Links with Faculty Research

Research related to climate change can be conducted in any discipline, and is limited only by the imagination of the researcher and the availability of funds. Despite the failure of the United States to ratify the Kyoto Protocol, significant funds are available for a wide range of research through the U.S. Climate Change Science Program.3 Many of the subelements of the program emphasize interdisciplinary research.

There is also funding available from some state agencies, private foundations, and corporations.

Articles related to climate change are appearing in a wide range of peer-reviewed journals, and journals focusing specifically on climate change are fast emerging. Perusing the reports of the IPCC provides an excellent overview of past and current peer-reviewed research and many ideas for further work. This is an area in which serious academic inquiry is emerging rapidly. Although traditional faculty research may address a nearly unlimited number of questions related to climate change, it is our sense that faculty work that informs climate action is still in its infancy.

Adjusting the scale of projects to accommodate the constellation of faculty interests, sponsoring-agency requirements, and campus climate actions may be a challenge. For example, a group of faculty at Tufts were successful in landing an early competitive grant to assess the impacts of climate change on the metropolitan Boston area.4 The results of this fascinating project were presented to decision makers in several forums and were extremely well received. But the funded research stops short of being useful to inform the types of decisions faced by people who can take action to mitigate or adapt to the effects of climate change. For instance, decision makers are left not knowing what the implications might be for their campuses or communities, given significant differences in proximity to the shoreline, age of infrastructure, proximity to rivers and lakes, source of water supply, transportation features, source of energy supply, and many other considerations. A strategy to overcome this gap from knowledge to action is to have students focus senior projects or master's theses on follow-up questions, many of which may examine implications for campus action. We have had two graduate students use this project as a point of departure in examining effects on specific communities in the Boston area.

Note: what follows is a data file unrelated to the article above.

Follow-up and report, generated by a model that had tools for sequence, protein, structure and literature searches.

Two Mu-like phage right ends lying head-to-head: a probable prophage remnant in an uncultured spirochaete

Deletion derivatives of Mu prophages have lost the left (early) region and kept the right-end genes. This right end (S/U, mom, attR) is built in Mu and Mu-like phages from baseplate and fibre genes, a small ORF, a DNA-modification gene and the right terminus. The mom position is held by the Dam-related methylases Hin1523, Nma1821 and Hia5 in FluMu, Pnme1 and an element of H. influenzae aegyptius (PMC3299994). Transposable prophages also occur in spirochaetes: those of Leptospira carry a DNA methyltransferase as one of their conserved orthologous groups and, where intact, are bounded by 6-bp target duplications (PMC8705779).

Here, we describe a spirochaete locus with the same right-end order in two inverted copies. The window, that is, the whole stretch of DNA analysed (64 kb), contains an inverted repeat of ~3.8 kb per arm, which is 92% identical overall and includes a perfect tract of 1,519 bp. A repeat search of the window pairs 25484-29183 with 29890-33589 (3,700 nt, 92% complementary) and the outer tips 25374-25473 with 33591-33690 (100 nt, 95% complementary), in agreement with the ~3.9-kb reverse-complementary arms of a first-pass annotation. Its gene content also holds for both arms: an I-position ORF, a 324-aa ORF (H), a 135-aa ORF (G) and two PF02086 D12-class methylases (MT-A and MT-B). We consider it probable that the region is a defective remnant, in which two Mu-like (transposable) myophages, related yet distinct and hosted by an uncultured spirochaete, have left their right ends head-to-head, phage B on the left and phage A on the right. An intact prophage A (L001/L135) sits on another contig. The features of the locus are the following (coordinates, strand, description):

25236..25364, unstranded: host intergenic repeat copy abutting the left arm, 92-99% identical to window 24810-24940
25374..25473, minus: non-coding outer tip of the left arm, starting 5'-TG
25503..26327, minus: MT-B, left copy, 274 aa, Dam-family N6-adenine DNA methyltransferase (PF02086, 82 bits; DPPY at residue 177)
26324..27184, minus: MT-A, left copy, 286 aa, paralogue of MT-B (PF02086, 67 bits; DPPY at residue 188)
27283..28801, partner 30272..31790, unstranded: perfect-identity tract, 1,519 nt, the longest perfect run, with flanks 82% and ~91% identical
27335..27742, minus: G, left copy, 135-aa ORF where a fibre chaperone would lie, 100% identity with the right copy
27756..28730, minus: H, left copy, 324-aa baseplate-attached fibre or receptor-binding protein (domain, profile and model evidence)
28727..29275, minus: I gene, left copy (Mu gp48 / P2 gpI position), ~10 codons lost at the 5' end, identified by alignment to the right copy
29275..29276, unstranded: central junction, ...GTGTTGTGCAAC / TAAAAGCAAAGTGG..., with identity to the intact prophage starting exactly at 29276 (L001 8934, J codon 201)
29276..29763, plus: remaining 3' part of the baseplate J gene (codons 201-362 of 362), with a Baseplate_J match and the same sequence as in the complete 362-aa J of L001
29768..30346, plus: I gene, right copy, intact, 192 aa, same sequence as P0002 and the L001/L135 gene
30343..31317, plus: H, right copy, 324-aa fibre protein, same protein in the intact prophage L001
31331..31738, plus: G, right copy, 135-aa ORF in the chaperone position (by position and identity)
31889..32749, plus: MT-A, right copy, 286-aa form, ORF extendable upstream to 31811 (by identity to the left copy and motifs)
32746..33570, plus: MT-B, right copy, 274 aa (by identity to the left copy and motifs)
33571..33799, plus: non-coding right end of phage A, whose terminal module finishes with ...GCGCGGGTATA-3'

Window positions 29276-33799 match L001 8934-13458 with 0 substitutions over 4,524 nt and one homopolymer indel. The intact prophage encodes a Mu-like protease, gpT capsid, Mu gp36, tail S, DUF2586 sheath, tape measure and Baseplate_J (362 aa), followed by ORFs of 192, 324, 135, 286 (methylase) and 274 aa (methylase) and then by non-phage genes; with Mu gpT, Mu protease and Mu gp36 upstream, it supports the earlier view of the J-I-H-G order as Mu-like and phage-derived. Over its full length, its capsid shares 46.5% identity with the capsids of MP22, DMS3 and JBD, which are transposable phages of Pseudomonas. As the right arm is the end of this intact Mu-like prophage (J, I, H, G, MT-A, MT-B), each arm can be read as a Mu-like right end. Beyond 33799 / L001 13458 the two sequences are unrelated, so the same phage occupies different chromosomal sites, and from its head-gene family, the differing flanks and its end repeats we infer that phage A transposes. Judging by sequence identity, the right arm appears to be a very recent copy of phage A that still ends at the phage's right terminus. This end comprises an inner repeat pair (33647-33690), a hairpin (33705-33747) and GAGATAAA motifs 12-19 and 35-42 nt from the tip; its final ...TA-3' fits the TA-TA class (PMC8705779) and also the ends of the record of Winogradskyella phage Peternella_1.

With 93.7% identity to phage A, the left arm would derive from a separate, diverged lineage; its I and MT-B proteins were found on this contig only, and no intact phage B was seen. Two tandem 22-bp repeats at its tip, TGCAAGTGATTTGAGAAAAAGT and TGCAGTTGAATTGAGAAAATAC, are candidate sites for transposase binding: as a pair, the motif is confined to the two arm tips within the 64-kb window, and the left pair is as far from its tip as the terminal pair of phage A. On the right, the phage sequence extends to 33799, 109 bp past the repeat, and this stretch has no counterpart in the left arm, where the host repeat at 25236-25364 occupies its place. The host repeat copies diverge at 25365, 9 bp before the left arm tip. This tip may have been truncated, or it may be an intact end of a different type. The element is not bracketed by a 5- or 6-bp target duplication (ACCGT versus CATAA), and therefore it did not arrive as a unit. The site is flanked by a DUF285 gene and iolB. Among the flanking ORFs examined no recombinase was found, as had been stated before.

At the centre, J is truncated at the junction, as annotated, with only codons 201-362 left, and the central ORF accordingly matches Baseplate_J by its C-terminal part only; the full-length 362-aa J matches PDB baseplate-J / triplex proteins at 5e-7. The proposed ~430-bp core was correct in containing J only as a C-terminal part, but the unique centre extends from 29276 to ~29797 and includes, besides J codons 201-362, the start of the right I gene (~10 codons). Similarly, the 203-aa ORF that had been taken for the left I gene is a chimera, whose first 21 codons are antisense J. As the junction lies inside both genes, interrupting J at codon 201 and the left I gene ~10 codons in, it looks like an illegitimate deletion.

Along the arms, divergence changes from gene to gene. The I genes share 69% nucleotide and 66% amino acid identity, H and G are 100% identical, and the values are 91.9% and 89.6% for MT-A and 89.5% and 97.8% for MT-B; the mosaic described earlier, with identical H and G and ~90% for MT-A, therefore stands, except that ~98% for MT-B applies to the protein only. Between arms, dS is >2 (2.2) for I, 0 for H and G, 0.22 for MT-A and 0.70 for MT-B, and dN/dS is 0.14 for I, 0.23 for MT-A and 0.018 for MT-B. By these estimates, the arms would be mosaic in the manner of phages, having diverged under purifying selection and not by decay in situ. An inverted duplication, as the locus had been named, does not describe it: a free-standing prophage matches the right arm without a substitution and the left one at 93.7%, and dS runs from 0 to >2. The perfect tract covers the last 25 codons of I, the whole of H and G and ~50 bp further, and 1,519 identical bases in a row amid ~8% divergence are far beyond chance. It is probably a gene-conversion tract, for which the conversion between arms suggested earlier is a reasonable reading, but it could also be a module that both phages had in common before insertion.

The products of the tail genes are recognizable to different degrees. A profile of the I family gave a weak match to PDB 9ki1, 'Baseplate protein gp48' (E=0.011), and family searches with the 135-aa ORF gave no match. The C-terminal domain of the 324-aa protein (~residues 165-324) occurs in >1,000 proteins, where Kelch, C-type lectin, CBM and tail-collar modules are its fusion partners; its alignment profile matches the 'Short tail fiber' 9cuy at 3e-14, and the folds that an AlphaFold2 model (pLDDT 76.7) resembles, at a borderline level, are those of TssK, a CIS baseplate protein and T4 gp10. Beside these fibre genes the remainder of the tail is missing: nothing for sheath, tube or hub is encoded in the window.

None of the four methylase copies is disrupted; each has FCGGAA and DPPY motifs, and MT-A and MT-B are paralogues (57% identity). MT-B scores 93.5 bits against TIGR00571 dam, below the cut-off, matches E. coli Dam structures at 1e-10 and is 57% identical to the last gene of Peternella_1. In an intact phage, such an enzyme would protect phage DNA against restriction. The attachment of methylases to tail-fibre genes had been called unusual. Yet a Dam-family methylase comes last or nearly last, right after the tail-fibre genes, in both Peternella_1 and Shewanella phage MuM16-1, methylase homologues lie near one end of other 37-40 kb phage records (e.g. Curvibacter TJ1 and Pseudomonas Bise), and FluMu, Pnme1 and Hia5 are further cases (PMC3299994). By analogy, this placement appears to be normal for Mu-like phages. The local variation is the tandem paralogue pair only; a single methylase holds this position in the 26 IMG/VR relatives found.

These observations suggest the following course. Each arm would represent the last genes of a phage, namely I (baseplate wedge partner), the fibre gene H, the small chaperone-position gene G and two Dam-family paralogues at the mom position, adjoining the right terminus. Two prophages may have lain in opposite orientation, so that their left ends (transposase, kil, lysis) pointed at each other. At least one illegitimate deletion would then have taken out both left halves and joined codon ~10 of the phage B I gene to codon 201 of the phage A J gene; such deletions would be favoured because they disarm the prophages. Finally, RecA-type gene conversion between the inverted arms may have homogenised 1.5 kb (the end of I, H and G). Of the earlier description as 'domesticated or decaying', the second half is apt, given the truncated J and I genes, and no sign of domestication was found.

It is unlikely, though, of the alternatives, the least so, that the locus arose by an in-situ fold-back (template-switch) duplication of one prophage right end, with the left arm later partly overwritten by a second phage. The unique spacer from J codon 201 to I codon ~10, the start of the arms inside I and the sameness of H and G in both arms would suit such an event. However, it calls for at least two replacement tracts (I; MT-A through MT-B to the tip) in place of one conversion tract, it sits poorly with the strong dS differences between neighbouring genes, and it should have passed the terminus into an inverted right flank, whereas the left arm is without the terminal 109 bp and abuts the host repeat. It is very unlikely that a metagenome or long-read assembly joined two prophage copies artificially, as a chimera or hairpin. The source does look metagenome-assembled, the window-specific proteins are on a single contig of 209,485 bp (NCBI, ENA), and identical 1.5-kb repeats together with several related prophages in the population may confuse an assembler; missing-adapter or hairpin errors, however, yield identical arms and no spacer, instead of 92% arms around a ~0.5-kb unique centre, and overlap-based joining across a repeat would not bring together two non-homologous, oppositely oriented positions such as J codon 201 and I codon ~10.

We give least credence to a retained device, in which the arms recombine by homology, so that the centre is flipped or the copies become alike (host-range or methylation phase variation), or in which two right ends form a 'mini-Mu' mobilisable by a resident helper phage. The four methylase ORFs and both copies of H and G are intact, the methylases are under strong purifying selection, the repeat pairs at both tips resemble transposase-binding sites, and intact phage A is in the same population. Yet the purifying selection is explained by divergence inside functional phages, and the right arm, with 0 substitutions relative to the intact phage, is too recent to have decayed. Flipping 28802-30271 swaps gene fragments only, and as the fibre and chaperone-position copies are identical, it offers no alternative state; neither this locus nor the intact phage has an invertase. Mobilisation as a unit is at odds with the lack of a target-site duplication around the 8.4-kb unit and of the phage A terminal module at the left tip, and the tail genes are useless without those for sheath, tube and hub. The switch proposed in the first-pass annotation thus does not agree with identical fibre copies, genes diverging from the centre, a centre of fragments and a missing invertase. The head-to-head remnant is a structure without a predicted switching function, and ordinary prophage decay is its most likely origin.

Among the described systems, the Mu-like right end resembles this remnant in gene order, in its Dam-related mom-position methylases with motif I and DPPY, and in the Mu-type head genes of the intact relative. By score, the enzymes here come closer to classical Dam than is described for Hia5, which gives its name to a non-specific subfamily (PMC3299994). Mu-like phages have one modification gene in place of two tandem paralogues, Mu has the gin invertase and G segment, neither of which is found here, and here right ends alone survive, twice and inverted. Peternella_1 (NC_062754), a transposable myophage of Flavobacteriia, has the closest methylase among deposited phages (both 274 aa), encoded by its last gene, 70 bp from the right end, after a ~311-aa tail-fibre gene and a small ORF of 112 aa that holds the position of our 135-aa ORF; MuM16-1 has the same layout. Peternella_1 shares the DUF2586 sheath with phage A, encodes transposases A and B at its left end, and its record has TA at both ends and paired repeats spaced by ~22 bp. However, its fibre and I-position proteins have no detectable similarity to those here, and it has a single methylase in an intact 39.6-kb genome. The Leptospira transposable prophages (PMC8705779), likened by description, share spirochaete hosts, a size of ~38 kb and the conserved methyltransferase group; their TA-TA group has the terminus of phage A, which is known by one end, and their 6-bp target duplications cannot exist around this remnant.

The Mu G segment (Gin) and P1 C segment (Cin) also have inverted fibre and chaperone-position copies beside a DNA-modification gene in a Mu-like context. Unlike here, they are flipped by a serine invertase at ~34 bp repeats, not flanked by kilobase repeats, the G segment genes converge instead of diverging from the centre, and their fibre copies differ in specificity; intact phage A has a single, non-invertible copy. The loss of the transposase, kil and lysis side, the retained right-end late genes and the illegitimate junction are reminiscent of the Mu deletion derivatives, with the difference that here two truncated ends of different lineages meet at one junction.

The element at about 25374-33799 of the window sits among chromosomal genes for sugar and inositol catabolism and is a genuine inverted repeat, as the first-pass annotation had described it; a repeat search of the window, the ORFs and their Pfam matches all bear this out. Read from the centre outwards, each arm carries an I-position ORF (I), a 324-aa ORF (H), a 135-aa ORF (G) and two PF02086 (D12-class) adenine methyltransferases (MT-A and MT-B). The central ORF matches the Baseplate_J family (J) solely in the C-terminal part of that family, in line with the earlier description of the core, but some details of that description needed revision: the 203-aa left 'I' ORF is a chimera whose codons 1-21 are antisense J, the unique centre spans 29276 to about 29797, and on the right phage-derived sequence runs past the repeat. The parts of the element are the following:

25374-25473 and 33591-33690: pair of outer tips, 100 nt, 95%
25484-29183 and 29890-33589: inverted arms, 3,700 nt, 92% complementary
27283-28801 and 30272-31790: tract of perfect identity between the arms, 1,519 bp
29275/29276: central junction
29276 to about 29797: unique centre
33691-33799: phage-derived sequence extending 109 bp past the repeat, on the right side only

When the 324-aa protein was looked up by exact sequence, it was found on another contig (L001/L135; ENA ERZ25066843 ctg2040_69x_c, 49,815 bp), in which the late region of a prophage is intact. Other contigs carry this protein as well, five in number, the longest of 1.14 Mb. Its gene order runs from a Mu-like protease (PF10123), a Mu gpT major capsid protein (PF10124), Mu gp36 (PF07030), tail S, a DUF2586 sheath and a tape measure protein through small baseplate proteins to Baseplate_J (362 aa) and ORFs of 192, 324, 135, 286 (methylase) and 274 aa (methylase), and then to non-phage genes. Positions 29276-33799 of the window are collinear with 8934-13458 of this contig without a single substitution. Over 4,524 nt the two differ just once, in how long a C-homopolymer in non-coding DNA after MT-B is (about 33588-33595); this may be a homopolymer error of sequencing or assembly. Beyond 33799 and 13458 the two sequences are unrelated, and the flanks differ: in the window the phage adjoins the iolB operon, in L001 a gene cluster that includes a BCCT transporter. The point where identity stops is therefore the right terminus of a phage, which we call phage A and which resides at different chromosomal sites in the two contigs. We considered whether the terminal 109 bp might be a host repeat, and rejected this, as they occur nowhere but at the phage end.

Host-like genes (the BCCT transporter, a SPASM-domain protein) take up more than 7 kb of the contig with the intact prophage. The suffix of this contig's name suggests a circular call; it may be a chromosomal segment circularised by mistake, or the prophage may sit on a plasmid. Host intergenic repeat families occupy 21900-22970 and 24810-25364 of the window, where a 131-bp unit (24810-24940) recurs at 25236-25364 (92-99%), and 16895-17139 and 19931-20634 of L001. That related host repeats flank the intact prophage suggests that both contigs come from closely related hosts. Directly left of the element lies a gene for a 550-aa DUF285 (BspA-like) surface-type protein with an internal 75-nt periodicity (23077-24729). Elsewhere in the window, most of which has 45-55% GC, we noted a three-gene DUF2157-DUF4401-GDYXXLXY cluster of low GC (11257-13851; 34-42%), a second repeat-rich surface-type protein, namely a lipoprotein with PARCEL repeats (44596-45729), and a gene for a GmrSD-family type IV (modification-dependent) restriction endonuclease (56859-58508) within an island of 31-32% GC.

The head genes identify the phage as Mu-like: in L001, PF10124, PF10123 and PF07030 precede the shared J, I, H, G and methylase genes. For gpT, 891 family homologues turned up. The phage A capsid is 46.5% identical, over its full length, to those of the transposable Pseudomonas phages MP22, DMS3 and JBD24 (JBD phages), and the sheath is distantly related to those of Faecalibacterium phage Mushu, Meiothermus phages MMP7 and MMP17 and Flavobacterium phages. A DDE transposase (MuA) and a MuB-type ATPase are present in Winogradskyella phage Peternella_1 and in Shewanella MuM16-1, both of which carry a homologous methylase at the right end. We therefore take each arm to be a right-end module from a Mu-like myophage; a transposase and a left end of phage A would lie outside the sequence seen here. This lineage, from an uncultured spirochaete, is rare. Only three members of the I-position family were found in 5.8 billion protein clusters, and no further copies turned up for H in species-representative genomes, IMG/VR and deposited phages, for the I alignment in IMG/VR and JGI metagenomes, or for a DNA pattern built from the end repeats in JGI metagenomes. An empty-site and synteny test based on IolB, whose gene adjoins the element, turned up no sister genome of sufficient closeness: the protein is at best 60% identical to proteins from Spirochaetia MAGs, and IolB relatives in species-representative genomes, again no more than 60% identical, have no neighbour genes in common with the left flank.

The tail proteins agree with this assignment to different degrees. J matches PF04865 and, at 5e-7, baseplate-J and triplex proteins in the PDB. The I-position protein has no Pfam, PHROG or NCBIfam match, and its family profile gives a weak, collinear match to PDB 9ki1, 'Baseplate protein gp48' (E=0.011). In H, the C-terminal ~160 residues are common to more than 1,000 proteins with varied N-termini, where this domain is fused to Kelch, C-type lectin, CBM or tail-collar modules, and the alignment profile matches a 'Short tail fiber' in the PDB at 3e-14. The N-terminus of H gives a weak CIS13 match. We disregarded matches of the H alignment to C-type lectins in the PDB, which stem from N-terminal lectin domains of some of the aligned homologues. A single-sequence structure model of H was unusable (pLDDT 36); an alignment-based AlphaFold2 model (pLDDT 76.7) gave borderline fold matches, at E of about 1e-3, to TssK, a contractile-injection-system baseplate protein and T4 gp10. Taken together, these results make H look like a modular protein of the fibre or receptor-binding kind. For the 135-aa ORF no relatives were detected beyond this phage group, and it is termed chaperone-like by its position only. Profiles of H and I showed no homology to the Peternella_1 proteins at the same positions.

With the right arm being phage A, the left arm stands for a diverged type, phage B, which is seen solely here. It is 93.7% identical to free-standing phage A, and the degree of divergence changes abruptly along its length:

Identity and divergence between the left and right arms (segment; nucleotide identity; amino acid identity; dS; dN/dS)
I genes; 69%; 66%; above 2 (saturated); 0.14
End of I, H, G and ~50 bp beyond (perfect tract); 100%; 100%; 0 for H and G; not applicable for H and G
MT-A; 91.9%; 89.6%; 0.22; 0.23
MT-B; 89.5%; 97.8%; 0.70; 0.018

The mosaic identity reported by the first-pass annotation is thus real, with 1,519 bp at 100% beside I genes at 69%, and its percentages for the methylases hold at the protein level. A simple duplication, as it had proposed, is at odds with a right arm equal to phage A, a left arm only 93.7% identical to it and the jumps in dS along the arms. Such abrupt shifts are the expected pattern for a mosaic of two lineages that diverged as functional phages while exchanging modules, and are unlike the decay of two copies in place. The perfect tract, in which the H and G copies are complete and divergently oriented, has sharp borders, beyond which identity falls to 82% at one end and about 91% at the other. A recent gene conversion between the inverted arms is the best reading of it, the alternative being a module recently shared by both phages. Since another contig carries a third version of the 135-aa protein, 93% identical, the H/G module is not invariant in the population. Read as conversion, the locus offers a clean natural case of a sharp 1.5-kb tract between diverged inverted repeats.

The faculty members who conduct the original research for a project may not have the time or inclination to move from their basic research to its application at a community or campus level. This is where good collaborative working relationships across campus are invaluable. Handing projects along to different groups of researchers and students as the core questions change and the research becomes more applied can be an exciting way of building a sense of community on a campus at the same time that individuals pursue projects they find most rewarding.

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